Typically slow cookers are popular for making heavier, often meatier, stick-to-your-ribs kinds of dishes such as chili, pot roast, or my personal favorite, RoTel dip. So this light and *vegetarian* slow-cooker pho was a welcome surprise from America’s Test Kitchen. Plus, it’s easier than pie to make. Since the broth is the main and arguably most important component to pho, this recipe simply instructs you to add all of the broth ingredients to the slow cooker and let it go. Allow the broth to bubble together for 7ish hours and the flavor will become rich and robust. Then, all you’ve got to do is gather the right noodles and necessary accoutrements: bean sprouts, cilantro, Thai basil, jalapeño, sambal, sriracha...whatever floats your boat!
Psst - want more healthy slow cooker recipes? ATK has a whole book about it: #score
3). Slow Cooker Indian Spiced Chicken with Tomato and Cream
From: Bon Appetit
Sure, the double-pot cooking scenario here (searing the chicken in a cast-iron first and then transferring everything to a slow cooker for the long haul) is not the most desirable, but if you have a fancy enough slow cooker — like this Multi-Cooker, from KitchenAid — you may be able to sear and slow-cook all in the same pot. Lucky you. If you don’t though, I promise it’s worth all the trouble. And with a suggested cook time of 7-8 hours, this recipe is the perfect candidate for a real treat of a weeknight meal: get it all set up in the morning before you dash off to work, and walk in the door at 6pm to a great smelling home and an even better tasting dinner. Talk about a welcome home…
4). Slow-Cooker Chicken Parmesan Soup
Another waistline-friendly slow-cooker recipe, this one from Food52 is made mainly of pantry staples, making it an easy fallback when you’re lacking inspiration...or time to go to the grocery. Although it calls for fresh basil and oregano, feel free to sub the dried variety in the soup and just use fresh, chopped Italian parsley as a garnish (fresh basil and oregano can be especially tough to find when you need them both...isn’t that just the way?). And grate on some extra cheese, why dontcha!? Make sure to get some good crusty bread to go with it so you can sop up all of that delicious tomato sauce, too. Mangia!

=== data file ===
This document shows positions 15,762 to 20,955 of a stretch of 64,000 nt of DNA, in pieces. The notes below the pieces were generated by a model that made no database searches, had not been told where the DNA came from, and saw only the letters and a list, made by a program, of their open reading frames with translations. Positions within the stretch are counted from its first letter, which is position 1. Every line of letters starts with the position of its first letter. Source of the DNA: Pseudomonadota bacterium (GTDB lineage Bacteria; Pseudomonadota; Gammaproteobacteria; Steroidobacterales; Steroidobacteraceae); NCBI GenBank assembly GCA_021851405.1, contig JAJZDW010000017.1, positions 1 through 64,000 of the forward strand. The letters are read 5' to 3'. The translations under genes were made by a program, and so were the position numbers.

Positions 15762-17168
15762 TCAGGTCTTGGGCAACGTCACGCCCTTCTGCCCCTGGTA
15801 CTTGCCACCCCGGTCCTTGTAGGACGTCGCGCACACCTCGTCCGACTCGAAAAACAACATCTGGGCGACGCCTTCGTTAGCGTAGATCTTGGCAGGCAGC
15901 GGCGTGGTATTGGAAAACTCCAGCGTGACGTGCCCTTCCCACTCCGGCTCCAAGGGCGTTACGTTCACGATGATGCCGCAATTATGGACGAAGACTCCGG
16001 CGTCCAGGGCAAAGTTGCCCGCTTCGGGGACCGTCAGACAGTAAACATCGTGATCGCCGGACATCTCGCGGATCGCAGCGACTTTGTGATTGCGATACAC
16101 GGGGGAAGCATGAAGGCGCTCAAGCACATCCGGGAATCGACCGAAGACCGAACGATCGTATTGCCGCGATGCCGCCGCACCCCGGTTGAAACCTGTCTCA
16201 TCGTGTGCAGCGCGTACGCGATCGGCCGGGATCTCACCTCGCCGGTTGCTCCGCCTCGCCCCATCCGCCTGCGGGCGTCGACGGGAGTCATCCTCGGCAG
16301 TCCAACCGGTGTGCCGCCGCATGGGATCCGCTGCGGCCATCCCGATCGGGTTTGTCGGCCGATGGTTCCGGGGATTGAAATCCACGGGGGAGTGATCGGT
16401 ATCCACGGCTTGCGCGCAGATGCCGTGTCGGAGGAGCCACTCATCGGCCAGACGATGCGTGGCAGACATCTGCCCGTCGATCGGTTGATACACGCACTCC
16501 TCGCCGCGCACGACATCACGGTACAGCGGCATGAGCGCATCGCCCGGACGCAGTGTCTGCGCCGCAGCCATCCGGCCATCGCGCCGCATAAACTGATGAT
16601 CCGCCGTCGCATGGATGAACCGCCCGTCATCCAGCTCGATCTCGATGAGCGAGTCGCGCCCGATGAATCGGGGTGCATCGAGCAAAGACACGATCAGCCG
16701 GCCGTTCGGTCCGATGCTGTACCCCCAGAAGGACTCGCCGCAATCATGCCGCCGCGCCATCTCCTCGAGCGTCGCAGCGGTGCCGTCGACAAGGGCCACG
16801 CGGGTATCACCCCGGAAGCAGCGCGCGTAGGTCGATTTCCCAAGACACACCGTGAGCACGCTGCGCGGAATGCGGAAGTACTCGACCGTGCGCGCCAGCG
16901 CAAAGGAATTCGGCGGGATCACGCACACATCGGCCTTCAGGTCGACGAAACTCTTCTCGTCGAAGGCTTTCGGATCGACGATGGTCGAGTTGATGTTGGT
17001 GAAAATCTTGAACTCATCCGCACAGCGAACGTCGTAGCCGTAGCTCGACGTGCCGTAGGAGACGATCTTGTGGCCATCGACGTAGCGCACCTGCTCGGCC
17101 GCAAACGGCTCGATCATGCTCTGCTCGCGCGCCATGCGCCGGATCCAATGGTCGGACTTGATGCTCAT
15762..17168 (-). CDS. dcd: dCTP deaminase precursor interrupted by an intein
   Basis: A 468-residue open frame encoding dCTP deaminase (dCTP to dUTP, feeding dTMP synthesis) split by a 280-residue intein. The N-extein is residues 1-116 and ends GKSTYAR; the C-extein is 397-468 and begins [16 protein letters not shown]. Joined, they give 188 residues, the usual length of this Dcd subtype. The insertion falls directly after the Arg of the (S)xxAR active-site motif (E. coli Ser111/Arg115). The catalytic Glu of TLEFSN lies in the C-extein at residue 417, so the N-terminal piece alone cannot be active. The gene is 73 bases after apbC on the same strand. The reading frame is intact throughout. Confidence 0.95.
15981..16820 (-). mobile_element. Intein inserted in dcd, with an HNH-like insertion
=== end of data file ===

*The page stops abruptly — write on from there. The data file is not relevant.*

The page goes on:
5). Mom’s New Orleans Red Beans & Rice
To me, red beans and rice is one of those dishes that is one of the most comforting, soul-filling, autumnal dinner foods. Maybe its because the colors of the dish mirror the season — the deep burnt red of the beans and ham, soft browns of the rice and sausage, occasional flecks of army green from herbs and peppers, and bright flecks of yellow from a trail of cornbread crumbs — but I just think it would feel off to eat it during any other time of year. Maybe it’s because it’s always a staple at our house when we’re watching the Saints game on a Sunday afternoon. Or maybe it’s just because of the mixture of smokey, hearty, rich and creamy that come together all at once. I dunno what it is, but I know it’s damn good.
Note: this recipe calls for dried beans instead of the canned variety, which makes it just a little more decadent and grand … in a lowcountry kind of way. Go on, give it a try.
Feature Photo: James Random for Food52